Photography: Thomas Lannes and Georges Poncet

Gagosian is now presenting Field of the Cloth of Gold, an exhibition of four monumental new paintings by Anselm Kiefer, in its Le Bourget gallery.

Fusing art and literature, painting and sculpture, Kiefer engages the complex events of history and the ancestral epics of life, death and the cosmos. His boundless repertoire of imagery is paralleled only by the breadth of media palpable in his work.

The tension between beauty and terror, alongside the inextricable relationship between history and place, has animated Kiefer’s work since the 1970s. Drawing on the literature of cultural memory—including poetry, the Old and New Testaments, and the Kabbalah—Kiefer gives material presence to myths and metaphors.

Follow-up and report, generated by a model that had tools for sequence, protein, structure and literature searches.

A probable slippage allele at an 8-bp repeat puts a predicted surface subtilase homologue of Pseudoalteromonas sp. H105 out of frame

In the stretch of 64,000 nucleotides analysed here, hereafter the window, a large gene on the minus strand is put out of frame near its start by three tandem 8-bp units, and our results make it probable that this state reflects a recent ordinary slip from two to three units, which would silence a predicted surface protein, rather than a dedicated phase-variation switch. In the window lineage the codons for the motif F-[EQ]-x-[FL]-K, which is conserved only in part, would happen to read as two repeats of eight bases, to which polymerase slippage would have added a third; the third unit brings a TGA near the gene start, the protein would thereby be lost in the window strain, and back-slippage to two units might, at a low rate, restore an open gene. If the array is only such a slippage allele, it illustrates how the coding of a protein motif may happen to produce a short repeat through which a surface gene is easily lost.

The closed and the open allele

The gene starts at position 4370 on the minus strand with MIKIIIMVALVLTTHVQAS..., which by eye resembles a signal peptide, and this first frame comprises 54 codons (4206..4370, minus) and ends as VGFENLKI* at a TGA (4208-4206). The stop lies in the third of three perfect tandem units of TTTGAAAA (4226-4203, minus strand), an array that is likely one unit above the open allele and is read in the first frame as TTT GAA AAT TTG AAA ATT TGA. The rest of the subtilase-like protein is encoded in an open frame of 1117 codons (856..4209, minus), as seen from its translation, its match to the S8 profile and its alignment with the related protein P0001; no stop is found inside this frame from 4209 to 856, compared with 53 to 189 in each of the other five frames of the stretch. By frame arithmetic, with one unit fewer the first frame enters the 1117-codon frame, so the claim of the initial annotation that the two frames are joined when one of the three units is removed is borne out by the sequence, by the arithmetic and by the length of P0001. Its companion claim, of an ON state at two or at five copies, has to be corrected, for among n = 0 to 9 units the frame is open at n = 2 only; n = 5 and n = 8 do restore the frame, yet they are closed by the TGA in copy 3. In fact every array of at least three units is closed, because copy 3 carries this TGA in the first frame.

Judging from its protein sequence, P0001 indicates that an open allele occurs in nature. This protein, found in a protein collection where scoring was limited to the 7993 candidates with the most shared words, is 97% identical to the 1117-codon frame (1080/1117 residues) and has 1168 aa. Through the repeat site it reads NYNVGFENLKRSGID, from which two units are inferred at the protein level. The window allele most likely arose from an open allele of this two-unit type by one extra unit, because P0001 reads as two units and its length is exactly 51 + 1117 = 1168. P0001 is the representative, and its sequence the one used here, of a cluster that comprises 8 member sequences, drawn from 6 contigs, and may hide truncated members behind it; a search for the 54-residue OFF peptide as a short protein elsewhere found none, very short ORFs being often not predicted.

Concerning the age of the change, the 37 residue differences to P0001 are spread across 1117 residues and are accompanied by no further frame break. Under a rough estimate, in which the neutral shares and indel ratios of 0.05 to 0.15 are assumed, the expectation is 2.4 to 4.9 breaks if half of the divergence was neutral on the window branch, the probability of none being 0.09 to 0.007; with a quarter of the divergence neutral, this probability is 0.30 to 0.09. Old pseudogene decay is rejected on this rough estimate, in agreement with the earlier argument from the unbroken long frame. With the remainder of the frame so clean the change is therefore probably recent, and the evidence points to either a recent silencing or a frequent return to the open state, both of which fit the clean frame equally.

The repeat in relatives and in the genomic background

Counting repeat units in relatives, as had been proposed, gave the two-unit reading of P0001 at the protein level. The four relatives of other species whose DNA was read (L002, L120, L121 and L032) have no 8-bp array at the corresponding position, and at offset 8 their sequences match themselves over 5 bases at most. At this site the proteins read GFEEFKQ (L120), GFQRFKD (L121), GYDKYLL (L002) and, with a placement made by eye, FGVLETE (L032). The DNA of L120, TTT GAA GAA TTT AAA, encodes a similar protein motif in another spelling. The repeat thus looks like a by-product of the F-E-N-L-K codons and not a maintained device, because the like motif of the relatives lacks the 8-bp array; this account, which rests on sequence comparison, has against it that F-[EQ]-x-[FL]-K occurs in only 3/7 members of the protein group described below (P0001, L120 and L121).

He infuses the medium of paint with startling and unconventional gestures and objects, juxtaposing them with organic and abject materials such as straw, sand, charcoal, ash, and mud. Kiefer asserts himself as an iconoclast; his paintings undergo various processes—such as being cut, burned, buried, exposed to natural elements, splashed with acid, or poured over with lead—so as to be made anew.

These strategies, along with the use of materials such as lead, concrete, glass, fabric, tree roots, or burned books, create a symbolic resonance, making palpable both the movement and destruction of human life and the persistence of the lyrical and the divine.

Completed over the last two years, these works predate the COVID-19 pandemic, the ripple-effect crisis it created, and the international and cross-cultural relationships it has reconfigured.

While history has been fractured and unpredictable since the Field of the Cloth of Gold conference, our cultural memory holds the violent unpredictability of human relations on a continuum.